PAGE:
22. "When we had talk'd a while."
"When we had talk'd a while." through the end of the text (pages 197-220)
After arranging to leave behind a number of the mutineers, who would rather chance their fortunes on the island than face trial upon returning to England, Crusoe and the captain depart, bringing the castaway's long exile-just over twenty-eight years-to a close. When he arrives in England, Crusoe feels "as perfect a Stranger to all the World, as if I had never been known there." He learns that all of his family, save two sisters, have died. More happily, however, he finds that he has, in his absence, become a rich man, thanks largely to the investment and management of profits from his plantation in Brazil. Crusoe resolves to return to his plantation-but, understandably, traveling as much as possible by land instead of by sea! Crusoe and Friday, who stays with him, face some further adventures, including a perilous journey through snowbound Navarre in which Friday shoots a bear, but eventually arrive safely in Callais, from whence they travel by sea to Dover, and then to Lisbon and the Brazils. Crusoe is persuaded, however, to delay his departure for a full seven years. Once he does begin the voyage, he stops along the way at the island, and finds the "Collony" he left behind to be thriving. Once he arrives at Brazil, he sends more supplies and people to the island. Crusoe concludes his narrative by offering, perhaps, to relate both his further adventures, and those of the island's colonists, at some future date.
Reflecting upon the wealth he has earned in his absence, Crusoe writes, "[T]he latter End of Job was better than the Beginning." In this section, which brings the narrative to a close, we do indeed see Crusoe's experience paralleling that of the Bible's most famous suffering individual. As "the LORD restored the fortunes of Job. twice as much as he had before" (Job 42:10), so does Crusoe experience reunion with family and restoration of wealth. Readers cannot help but reflect upon the irony-whether intended by Defoe or not-of this former castaway, who has learned to live so long and so ingeniously without wealth, now returning to his former life of prosperity apparently unchanged by the experience. Modern readers might expect Crusoe, who has been fond of drawing moral lessons from his life throughout the book, to arrive at such conclusions as, "I had discovered what was truly important in life." But no such introspection or reevaluation of priorities is forthcoming from Crusoe-although, in Crusoe's defense, he does give away much of his fortune, providing for the needs of his former captain and his widowed sisters, for example. Instead, Crusoe simply ascribes his "new" fortune to the agency of Providence. Perhaps, then, his lack of sustained reflection upon it is in keeping with the main lesson he learned while on the island, which was-to again quote Job-"Shall we receive the good at the hand of God, and not receive the bad?"
It is also, of course, very much in keeping with the Puritan belief that material wealth was a sign of God's blessing: Crusoe is thus possibly to be seen as being "rewarded" for his faith and trust in God during his exile. The book's ending, therefore, one final time reinforces the theme stated at its beginning in the preface: namely, the "Wisdom of Providence in all the Variety of our Circumstances" has been vindicated. Crusoe has offered his testimony as evidence of "Providence's Checquer-Work," and has shown how patient submission to Providence has rewarded him.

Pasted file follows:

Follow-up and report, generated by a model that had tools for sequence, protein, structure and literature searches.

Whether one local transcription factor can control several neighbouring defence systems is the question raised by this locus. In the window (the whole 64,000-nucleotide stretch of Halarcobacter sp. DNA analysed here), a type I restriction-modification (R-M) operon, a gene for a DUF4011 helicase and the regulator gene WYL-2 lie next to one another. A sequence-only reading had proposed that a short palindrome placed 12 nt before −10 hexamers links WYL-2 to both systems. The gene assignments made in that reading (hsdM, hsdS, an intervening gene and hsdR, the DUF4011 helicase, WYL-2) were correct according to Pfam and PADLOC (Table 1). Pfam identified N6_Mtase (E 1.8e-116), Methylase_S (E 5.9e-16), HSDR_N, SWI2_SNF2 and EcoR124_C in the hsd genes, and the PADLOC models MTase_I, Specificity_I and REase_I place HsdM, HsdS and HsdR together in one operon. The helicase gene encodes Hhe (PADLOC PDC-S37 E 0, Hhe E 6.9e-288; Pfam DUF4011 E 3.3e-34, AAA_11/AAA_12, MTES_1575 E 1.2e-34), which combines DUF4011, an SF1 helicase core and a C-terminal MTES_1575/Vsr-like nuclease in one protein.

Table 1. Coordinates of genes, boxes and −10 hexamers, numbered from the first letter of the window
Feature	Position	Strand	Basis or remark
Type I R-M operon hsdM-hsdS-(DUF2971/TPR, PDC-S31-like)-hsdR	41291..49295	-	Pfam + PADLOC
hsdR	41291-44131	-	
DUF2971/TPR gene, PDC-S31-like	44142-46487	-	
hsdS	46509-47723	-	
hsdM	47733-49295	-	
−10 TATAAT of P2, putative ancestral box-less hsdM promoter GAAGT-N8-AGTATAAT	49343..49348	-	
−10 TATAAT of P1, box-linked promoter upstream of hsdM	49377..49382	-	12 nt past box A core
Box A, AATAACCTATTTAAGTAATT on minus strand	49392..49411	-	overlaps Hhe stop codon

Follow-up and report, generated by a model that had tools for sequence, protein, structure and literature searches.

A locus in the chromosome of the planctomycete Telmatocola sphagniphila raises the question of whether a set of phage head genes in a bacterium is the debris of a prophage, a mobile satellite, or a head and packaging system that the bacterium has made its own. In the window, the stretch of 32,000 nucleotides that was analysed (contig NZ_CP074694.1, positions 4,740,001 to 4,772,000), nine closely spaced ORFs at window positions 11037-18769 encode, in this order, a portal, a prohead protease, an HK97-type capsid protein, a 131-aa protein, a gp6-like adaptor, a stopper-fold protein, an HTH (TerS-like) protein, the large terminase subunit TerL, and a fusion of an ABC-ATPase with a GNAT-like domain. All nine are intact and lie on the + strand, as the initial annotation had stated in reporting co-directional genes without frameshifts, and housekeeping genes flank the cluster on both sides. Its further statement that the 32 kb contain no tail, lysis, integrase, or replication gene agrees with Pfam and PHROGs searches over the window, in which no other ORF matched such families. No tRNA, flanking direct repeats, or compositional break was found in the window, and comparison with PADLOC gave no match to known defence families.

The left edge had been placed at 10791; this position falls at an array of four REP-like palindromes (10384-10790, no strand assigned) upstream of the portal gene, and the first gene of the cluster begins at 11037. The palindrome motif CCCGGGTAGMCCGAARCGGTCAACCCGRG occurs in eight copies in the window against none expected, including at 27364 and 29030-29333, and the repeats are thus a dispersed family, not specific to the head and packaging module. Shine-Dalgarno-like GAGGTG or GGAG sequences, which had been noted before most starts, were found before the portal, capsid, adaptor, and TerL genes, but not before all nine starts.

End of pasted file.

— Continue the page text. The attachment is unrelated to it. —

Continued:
As promised in the text's final paragraph, readers would meet Robinson Crusoe again. "Inspired by the immediate popularity of Robinson Crusoe, Defoe wrote a sequel, generally regarded as inferior and anticlimactic to the original work. Part II recounts Crusoe's marriage, the return to his beloved island, and the death of Friday" (Robert B. Downs, Famous Books Since 1492 [New York: Barnes & Noble, 1961] 111). "To its author, Robinson Crusoe was a work not of entertainment but of edification, though the didactic second part is seldom printed in modern editions. What the book has come to mean to the world is the epic of civilized man as a single-handed antagonist of nature" (Stanley J. Kunitz & Howard Haycraft, British Authors Before 1800 [New York: H. W. Wilson, 1952] 147-48).
Among its direct successors can be counted Jonathan Swift's Gulliver's Travels and-as one might guess from its title-Johann Rudolf Wyss' Swiss Family Robinson (1841). Additionally, Robinson Crusoe "provided a fundamental model for many science fiction stories" (John Clute & Peter Nicholls, The Encyclopedia of Science Fiction [New York: St. Martin's Griffin, 1995] 1017)-including the amusingly titled film Robinson Crusoe on Mars (1964). It is possible to trace the story's influence to later works as sublime as William Golding's Lord of the Flies and as ridiculous as television's Gilligan's Island (whose theme song includes the verse, "No phone, no lights no motor cars, / Not a single luxury, / Like Robinson Crusoe, / As primitive as can be"). Indeed, Robinson Crusoe has left a significant footprint upon English literature-no less so, one might say, than the iconic footprint Crusoe discovers, in wonder and fear, upon the beach of his remote island.